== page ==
settembre 22, 2014
Every day at 5 o’clock sharp, every day for thirty years a comforting ritual took place in my kitchen. We kept this ritual until I moved on my own, seven meters apart in the nearby house, but on my own. Summer or winter, being it just with my mum and me wrapped in old flannel robes or with all my friends from high school studying for the day after test, at 5 o’clock sharp we would have a tea.
At the beginning it was the classic tea you would have drunk in Italy: probably an English breakfast with a few lemon slices and a heaping tablespoon of sugar. It was sweet and soothing, almost like a syrup. Growing up I decluttered my cup of tea: first without sugar, then without lemon, to end up with a steaming black intense tea. I am not an adventurous drinker. I might taste all the food I have the chance to meet and research for more, but I am utterly traditional with drinks. Tea has always been my favourite.
Tea quenches my thirst me, cuddles me, comforts me, makes me relax, is a reward. At first they were simple tea bags, the scent of afternoons spent studying at home or of Sundays gatherings with relatives, with a cup of tea and a slice of cake. The ritual of tea brooked no exceptions, not even on Christmas day.
I used to dip cookies in my tea, I used to pair them two by two, to offer more resistance to the liquid. When Christmas was approaching there were special days when you were allowed to dip a big warm slice of pandoro or panettone. When Spring would bring Easter in our house you could dip leftover colomba, picking all the almonds with your hands, or slices of stale sportellina.
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settembre 9, 2014
When I was a child bookshelves at home were overfilled with home magazines, cars magazines, books and an old cooking encyclopedia my mum bought before getting married: a few issues from the complete edition you could purchase at newsstands weekly. No trace of cookbooks or food magazines. Mum never loved cooking, even though now she’s really good and at ease in the kitchen.
But I loved cooking so much. As a child I would climb onto the kitchen stool and make a cake every Sunday morning with mum. I don’t know if it was because I could already feel the magic or because I was allowed to lick the whisk, but boy how I loved those Sunday mornings! When I was a teenager I used to collect recipes from magazines in a notebook. I probably never tried out those recipes, but they were something precious, something to keep safe in a kitchen drawer, underneath tablecloths and tea towels.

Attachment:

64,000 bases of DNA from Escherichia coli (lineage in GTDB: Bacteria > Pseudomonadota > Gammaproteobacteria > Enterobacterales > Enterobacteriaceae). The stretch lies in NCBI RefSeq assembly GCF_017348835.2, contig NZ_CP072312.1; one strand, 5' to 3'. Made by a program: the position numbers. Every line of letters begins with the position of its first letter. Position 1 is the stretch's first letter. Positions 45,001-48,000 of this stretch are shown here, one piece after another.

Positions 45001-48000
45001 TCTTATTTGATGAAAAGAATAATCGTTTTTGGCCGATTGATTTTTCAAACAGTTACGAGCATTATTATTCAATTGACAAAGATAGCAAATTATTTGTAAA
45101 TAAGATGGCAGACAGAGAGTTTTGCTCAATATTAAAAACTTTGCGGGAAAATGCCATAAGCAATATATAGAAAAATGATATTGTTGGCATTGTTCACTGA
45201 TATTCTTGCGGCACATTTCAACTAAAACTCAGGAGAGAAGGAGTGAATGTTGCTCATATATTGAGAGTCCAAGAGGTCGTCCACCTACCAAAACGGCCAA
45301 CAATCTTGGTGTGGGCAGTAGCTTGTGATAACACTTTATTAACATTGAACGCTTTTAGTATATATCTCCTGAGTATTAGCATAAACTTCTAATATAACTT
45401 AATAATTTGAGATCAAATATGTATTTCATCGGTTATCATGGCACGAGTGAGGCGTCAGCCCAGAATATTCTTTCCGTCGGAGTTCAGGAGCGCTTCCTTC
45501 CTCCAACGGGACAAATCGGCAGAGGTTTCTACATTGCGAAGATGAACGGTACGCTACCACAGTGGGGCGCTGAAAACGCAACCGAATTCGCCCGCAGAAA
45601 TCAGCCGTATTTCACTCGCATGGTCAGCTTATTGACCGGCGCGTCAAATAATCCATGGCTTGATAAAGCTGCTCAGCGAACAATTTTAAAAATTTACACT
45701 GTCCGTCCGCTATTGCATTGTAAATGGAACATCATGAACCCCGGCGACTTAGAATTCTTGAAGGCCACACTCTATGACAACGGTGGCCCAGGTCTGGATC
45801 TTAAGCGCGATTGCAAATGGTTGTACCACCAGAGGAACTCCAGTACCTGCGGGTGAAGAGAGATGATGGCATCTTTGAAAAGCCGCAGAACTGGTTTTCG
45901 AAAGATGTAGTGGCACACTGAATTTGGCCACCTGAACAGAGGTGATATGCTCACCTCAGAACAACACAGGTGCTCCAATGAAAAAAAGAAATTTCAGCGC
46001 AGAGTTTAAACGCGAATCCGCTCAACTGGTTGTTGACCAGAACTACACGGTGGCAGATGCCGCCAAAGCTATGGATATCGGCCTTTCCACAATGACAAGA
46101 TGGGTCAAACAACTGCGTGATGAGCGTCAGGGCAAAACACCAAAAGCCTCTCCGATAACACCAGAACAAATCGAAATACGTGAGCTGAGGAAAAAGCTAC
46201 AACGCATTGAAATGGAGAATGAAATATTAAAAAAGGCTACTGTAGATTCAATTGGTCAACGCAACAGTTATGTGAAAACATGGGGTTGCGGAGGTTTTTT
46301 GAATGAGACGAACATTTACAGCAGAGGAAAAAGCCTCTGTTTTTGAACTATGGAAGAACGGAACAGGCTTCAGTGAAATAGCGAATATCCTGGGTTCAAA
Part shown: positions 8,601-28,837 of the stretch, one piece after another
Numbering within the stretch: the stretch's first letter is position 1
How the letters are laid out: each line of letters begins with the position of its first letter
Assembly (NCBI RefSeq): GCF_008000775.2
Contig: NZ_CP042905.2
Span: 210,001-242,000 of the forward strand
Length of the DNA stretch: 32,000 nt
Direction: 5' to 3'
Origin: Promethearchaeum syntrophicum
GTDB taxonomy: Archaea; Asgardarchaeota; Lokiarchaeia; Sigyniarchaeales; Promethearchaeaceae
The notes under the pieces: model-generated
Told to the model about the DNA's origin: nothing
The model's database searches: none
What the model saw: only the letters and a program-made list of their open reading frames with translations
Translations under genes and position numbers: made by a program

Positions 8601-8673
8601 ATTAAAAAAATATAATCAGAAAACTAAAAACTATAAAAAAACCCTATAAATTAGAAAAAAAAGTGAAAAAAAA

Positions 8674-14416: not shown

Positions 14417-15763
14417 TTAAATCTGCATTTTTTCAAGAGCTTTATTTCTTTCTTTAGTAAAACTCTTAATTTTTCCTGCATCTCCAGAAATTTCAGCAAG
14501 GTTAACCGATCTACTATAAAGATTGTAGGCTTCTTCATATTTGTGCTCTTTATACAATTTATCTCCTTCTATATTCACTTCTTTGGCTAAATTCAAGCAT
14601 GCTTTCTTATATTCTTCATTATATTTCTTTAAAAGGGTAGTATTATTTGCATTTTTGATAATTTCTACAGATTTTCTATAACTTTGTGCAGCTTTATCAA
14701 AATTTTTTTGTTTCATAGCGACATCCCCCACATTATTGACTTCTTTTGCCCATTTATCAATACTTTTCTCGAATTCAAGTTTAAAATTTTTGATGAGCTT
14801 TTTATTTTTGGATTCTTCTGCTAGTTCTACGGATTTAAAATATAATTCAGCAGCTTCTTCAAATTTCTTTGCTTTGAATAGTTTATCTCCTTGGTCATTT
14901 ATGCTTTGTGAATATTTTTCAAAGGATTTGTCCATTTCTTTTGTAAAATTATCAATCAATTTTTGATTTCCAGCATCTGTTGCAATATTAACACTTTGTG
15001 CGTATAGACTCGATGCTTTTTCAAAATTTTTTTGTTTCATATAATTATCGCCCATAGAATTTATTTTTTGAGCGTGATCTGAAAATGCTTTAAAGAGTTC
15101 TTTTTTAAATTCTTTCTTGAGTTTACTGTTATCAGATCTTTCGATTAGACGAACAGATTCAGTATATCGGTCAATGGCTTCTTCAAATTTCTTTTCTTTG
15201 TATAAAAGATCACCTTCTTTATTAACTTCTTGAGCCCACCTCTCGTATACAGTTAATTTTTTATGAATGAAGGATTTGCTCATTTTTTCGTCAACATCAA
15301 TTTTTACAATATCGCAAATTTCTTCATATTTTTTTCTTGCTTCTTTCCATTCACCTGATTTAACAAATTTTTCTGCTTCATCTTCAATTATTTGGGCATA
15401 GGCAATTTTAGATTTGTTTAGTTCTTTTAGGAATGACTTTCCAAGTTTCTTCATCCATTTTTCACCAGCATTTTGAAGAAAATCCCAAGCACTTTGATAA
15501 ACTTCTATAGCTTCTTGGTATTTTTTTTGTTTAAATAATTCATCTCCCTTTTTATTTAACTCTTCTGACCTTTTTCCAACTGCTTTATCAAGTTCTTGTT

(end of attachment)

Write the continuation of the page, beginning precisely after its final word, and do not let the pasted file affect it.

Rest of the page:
My passion for cooking and food has been growing constantly since then, as my collection of cookbooks. The first cookbook I bought in my twenties, saving money from my first grown-up salary, is Tessa Kiros’ Apples for Jam, followed after just a few days by two more books of the same author, Falling Cloudberries and Twelve, my first Tuscan cookbook. All the recipes were truly honest, and the stories and Tessa’s gentle and simple approach to food made me discover a new dimension in cookbooks.
It might sound weird, but I found myself intrigued by Tuscan cooking just in the last ten years, falling in love again with the food that nurtured me for all my life and made me who I am now. Grandma has always been my reference point, my landmark when it comes to cook something according to our Tuscan traditions. She’s not studied cooking, she’s not a trained chef. She fed a family for all her life, she has lived her life in a Tuscan kitchen, foraging Tuscan herbs, she has always being crazy about mushroom picking in Tuscan woods, she has reared Tuscan hens and chickens, rabbits and children! She knows all the things I am writing here because she lived those experiences.
I have grandma, and I have cookbooks. I began collecting books which could me teach something about Italian and Tuscan food traditions. This will be our theme today. The Italian Table Talk girls are saying goodbye, this will be our last post, due to life which is playing hard with us. Life is giving us emotions, lots of work, changing of habits, of countries, of life, many working hours and passions. And life is demanding attention, so we decided that for our last post for the Italian Table talk round-up we would have talked about all those books that inspired our posts in the last two years, which will keep guiding us discovering the food we love, which hopefully will become a guide for you, too.
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agosto 27, 2014
I chose Delancy as my beach book for the past summer holidays. I spent most of my afternoons sleeping in a dark room with a huge fan on the ceiling or watching episode after episode of the four seasons of Game of Thrones (yes, winter is coming). When I was laying on the beach, in between a swim and some daydreaming activity on a sun bed, I would take out Delancey, move my bookmark a few pages behind, dust off some sand and immerse myself into Molly’s and Brandon’s adventures with their restaurant.
I was there, with my body covered in a sweet coconut lotion, my feet firmly ducked under the sand and my hair tangled with salt and sultry air, then all of a sudden I would feel the urge to cook a braised pork shoulder, or a family-size bowl of eggnog, and I would say to my half asleep boyfriend laying in the sun next to me: I’m going to make this recipe for you, pork shoulder, doesn’t it sound delicious? Oh and fried rice. I want to cook more for you this winter, salads, desserts, pizzas…
I would come out with a new recipe to try next winter at least twice a day, and he would just nod back in response. He might have thought that my secret aim was to make him fat to be roasted in a wood fired oven but, oh, you know, winter is coming. Read the rest of this entry »